As our societies develop and evolve, the question of measuring progress through different metrics has gained a more prominent place. Simple measures, such as the Gross Domestic Product (GDP), do not perhaps capture all the complexities of development that we want them to and this is where purpose-built replacements such as Gross National Happiness (GNH) come into play.
The Student Reporter team at the World Resources Forum 2012 in Beijing, China was reminded of this problem when interviewing the 2007 Nobel peace prize winner Dr. Mohan Munasinghe. Although there were a myriad of topics such as sustainable consumption and production (SCP) and greening the economy, the question of the importance of alternative metrics is one that stuck.
During his many talks at the conference, Dr. Munasinghe explored and encouraged the usage of alternative economic indicators in lieu of the ubiquitous GDP; indicators that could capture many other elements of economic, cultural, and societal value. The idea of shifting to GNH from GDP has long been touted as a desirable alternative; however, for GNH to be used in lieu of GDP, they both need to serve the same purpose. So what is GDP measuring, and why is it measuring this? After considering the answers, one may postulate that the shift of focus should perhaps not be from GDP to GNH, but rather, to an altogether new mode of economy with altogether new metrics.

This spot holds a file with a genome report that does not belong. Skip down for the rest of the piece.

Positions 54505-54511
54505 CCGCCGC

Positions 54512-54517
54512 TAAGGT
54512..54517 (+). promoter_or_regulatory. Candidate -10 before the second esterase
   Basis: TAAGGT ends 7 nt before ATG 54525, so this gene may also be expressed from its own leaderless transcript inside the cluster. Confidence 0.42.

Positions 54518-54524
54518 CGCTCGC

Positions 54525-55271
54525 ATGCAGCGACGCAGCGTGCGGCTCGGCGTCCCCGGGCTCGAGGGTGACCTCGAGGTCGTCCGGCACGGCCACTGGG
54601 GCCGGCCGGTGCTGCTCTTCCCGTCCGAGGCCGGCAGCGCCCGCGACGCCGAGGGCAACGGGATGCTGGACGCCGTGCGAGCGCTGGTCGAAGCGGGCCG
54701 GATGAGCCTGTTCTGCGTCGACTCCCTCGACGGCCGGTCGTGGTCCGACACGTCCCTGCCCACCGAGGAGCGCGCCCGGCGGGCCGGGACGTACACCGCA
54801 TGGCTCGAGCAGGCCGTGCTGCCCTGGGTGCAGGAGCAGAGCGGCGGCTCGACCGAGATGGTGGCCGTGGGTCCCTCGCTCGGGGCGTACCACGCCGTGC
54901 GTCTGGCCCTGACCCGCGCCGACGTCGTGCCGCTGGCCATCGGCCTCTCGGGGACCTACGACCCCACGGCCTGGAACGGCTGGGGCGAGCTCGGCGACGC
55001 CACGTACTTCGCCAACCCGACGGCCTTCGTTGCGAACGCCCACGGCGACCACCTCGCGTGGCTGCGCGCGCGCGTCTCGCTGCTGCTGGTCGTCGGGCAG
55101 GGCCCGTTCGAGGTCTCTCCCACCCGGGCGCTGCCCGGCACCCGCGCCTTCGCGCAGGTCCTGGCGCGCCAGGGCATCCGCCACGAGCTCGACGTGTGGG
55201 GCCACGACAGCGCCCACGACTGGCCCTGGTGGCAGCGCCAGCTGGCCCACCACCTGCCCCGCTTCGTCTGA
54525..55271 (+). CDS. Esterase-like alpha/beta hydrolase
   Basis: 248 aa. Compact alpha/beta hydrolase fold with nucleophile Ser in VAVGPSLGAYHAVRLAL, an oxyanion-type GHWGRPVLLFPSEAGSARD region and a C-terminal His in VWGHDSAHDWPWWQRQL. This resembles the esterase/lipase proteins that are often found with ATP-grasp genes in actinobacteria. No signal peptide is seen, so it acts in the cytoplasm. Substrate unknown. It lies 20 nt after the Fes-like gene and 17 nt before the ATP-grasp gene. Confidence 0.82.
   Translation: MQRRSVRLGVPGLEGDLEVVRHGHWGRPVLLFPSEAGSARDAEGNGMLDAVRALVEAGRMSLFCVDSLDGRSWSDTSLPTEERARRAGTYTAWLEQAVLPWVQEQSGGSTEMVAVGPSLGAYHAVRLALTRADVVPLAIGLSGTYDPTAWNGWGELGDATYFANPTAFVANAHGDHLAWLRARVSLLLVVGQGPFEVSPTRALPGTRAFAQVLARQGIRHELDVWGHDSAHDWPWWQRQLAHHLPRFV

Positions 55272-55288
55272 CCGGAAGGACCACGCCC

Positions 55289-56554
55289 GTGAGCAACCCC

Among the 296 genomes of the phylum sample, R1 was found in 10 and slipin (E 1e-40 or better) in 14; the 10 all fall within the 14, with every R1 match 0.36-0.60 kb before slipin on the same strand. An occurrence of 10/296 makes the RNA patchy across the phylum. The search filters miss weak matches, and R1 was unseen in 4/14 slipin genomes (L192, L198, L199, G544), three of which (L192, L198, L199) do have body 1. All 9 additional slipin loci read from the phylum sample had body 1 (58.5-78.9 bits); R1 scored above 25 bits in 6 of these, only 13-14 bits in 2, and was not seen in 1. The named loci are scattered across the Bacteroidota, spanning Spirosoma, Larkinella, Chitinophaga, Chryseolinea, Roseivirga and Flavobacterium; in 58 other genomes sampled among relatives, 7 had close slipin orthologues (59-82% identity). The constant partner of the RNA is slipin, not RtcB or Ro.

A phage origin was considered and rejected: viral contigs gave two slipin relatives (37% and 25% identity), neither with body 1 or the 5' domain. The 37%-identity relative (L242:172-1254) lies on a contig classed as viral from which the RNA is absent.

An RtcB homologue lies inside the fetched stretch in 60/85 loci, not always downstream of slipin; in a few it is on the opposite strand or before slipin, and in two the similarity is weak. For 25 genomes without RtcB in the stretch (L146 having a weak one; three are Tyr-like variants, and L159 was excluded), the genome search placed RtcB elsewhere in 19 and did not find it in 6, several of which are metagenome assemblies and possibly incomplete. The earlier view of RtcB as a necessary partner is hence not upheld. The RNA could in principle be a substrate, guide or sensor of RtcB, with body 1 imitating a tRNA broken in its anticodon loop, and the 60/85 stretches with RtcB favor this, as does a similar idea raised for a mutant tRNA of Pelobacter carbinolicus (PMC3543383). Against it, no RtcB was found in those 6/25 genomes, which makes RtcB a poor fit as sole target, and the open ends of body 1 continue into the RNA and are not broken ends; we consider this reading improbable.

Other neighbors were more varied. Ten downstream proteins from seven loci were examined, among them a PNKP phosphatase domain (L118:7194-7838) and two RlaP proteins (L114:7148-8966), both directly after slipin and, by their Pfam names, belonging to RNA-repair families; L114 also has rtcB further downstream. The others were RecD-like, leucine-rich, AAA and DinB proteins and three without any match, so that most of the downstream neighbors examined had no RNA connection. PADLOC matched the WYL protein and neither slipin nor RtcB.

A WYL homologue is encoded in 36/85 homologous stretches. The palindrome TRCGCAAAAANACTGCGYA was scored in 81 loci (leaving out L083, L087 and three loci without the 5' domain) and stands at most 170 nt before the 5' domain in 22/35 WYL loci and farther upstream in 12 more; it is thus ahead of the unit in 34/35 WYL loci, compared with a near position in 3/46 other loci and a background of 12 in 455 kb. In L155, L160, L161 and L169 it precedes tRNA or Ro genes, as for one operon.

From One Recession to the Next: A History of GDP
For an economic indicator to replace another, they have to – at least – roughly be measuring the same thing (otherwise you end up missing the causal link). When Nobel laureate Simon Kuznets started constructing the National Income Accounts (NIA) after the Great Depression, he already mentioned to the U.S. congress in 1934 that “the welfare of a nation can scarcely be inferred from a measure of national income.” (The original report seems to have disappeared off the internet, but here’s a bea.gov report quoting it [pdf], which should give it enough legitimacy). Thus, the original purpose of GDP (or Gross National Product – GNP – as that was used back then) was not to gauge wellbeing but rather to measure economic growth.
In order to see what GDP is specifically measuring, we need to have a quick lesson in economic history. GDP and its counterpart GNP are both NIA and measure the market value of a country’s economy. This market value can be measured in several ways, which include, but are not limited to, the production and expenditure approaches; i.e., either we measure the value added at each stage of production or what we consume. This is achieved by using something named input-output modelling, which Wassily Leontief originally used to divide the U.S. economy into sectors and then measure which inputs were needed for a given measure of output. This method was extended to measuring GDP, as it works in the same way by tallying-up the value-added of all the inputs in relation to the final goods.
What GDP can measure then is merely the economic value of the goods produced or services rendered at each stage of the production of a final good or service. Relating this to a real world example of the 2008 financial crisis, we can see the limitations of this method in assessing the welfare of a country. When considering the events leading up to the 2008 financial crisis, GDP was still showing a growing economy, whilst missing the growing inequality and debt.
Gross National Happiness – A realistic alternative?